Series: CCF Briefs

Is there a shortage of marriageable men?

Isabel V. Sawhill and Joanna Venator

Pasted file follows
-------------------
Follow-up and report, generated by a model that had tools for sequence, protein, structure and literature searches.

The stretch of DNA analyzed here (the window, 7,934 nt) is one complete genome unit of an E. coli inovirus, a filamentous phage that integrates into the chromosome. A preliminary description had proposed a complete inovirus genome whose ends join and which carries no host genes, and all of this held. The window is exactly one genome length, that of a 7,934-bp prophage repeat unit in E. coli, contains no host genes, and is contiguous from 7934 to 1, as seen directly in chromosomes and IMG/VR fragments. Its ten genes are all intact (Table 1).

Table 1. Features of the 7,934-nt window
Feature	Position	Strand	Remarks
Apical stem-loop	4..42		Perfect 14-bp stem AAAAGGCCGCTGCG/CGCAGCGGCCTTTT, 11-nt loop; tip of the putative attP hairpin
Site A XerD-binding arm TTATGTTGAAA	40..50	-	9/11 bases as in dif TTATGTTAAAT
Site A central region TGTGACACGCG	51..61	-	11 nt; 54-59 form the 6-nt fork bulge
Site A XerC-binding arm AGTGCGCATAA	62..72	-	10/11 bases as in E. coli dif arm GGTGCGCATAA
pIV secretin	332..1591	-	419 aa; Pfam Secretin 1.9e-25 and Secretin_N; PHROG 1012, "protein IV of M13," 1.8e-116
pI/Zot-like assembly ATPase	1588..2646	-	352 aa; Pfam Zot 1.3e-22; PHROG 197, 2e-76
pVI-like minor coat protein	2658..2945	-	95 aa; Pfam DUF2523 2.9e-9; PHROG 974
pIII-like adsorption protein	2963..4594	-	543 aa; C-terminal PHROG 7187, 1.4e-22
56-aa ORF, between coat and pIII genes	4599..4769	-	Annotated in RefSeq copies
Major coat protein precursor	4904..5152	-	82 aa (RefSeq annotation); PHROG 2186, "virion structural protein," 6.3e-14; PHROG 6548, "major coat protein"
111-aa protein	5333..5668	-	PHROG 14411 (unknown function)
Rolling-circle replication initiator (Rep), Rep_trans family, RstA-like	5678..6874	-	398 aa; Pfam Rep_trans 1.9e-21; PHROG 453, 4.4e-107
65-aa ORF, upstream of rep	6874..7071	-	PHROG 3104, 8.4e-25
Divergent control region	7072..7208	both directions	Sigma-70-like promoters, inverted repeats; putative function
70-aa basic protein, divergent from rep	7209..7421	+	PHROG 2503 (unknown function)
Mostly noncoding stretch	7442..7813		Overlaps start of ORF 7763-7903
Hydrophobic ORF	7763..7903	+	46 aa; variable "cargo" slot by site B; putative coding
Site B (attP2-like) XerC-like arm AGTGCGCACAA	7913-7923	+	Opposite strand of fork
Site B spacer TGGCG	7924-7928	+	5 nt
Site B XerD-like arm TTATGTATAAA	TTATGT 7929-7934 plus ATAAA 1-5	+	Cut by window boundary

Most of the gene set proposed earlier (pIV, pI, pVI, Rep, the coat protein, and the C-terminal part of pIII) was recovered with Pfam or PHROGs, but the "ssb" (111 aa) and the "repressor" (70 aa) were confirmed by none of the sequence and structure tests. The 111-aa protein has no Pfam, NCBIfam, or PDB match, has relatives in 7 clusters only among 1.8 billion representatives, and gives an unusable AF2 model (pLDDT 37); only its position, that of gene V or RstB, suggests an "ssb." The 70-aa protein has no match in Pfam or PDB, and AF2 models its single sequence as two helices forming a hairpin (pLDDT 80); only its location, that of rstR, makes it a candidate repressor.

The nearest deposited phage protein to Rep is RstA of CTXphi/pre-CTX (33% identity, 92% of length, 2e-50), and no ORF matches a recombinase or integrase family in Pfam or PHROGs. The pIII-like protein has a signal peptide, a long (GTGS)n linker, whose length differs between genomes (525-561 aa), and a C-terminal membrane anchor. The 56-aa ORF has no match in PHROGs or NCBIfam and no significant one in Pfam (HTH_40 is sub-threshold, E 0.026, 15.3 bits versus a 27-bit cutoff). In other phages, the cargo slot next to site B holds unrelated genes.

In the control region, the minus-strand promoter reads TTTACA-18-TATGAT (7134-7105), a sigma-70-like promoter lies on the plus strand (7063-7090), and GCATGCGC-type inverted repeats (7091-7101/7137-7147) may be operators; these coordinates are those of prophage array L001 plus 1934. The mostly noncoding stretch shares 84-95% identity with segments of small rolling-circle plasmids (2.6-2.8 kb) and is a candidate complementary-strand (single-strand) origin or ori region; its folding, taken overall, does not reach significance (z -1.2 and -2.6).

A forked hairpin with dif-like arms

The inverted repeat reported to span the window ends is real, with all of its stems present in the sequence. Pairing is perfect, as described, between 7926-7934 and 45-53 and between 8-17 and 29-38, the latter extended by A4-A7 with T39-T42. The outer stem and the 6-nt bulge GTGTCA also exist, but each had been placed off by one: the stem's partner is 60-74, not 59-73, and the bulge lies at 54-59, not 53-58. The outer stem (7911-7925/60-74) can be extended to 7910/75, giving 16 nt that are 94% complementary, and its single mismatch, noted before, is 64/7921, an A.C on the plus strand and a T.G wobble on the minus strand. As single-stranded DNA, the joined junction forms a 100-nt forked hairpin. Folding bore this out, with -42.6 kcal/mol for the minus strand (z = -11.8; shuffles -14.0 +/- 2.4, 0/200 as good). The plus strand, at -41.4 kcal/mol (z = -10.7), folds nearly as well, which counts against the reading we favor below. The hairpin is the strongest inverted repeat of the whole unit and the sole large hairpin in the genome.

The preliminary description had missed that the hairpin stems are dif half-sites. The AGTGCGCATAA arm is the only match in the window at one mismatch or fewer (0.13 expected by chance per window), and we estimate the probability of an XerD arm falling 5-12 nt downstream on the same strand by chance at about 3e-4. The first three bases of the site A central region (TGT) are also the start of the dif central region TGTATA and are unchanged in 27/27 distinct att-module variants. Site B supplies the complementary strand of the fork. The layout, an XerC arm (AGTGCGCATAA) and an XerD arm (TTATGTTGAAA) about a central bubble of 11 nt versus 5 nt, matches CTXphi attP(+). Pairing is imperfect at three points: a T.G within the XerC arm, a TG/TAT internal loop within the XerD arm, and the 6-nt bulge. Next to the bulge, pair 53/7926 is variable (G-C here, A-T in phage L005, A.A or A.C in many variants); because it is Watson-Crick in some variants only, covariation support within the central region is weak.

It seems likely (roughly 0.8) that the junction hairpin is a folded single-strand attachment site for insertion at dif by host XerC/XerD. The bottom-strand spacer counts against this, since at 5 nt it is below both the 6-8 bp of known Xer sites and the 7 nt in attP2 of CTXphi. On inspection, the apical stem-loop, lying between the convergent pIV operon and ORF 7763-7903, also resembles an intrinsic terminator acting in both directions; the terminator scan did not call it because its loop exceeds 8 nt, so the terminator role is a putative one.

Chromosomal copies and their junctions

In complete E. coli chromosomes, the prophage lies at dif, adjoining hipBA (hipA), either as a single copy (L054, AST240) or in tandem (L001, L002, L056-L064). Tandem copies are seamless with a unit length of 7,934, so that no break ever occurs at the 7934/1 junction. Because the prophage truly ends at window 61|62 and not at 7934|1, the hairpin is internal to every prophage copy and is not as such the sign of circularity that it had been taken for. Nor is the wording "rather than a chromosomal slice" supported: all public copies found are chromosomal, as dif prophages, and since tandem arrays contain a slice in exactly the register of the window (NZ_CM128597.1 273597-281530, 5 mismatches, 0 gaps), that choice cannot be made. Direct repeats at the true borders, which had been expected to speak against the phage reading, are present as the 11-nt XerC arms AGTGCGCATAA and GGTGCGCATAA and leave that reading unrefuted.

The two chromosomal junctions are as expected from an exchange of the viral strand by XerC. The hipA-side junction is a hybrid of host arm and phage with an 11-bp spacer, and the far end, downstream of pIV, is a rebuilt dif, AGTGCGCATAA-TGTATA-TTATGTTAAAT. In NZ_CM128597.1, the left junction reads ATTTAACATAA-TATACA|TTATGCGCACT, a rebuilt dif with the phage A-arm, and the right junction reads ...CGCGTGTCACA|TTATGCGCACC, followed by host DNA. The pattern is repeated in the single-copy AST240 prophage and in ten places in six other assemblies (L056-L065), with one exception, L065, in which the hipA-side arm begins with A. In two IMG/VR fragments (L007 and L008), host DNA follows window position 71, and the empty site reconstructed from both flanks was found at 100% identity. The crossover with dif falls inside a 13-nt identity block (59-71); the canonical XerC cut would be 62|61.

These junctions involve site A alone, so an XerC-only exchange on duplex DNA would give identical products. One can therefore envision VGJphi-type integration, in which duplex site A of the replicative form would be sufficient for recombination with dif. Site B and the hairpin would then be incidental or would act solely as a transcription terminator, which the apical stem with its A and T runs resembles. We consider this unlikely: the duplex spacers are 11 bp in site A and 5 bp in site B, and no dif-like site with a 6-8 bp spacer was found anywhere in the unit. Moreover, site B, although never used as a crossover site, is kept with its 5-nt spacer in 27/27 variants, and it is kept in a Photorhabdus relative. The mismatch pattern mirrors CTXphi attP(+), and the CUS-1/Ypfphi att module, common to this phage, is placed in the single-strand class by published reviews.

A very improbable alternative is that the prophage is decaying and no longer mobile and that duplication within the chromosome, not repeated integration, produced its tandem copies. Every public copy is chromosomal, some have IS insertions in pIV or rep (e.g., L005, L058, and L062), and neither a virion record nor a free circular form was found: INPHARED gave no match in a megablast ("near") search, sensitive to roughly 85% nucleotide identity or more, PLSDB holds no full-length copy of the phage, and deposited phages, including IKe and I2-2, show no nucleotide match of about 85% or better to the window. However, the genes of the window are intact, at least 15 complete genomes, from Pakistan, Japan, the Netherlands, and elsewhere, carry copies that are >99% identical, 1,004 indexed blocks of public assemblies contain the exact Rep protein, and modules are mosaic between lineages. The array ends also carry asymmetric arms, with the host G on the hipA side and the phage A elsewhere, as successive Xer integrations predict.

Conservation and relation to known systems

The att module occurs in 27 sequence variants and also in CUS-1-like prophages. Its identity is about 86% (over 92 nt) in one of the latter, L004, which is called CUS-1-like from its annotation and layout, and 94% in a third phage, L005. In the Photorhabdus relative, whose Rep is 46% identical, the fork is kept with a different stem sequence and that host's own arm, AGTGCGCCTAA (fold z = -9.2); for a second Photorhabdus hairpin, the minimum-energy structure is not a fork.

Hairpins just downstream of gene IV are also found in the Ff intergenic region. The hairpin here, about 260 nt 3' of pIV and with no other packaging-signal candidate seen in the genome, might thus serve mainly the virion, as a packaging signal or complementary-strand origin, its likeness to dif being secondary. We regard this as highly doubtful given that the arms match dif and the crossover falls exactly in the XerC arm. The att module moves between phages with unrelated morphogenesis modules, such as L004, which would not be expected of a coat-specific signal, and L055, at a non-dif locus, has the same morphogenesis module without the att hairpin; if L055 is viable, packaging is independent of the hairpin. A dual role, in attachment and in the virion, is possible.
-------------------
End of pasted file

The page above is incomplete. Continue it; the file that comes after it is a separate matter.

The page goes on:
In the last half century, marriage rates have fallen dramatically. In this paper, we explore possible drivers of this trend, including declining economic prospects among men, an increase in unwed births that constrain women’s later marriageability, rising rates of incarceration, and a reversal of the education gap that once favored men and now favors women. We estimate that the decline in male earnings since 1970 among both black and less-educated white men can explain a portion of the decline in marriage, but that cultural factors have played an important role as well. We argue that the ratio of marriageable men to women depends critically on how one defines “marriageable.” Looking just at current data rather than historical trends, and using different definitions of marriageability, we find that there are shortages of marriageable men among the black population, but not among the white population (except among the best educated).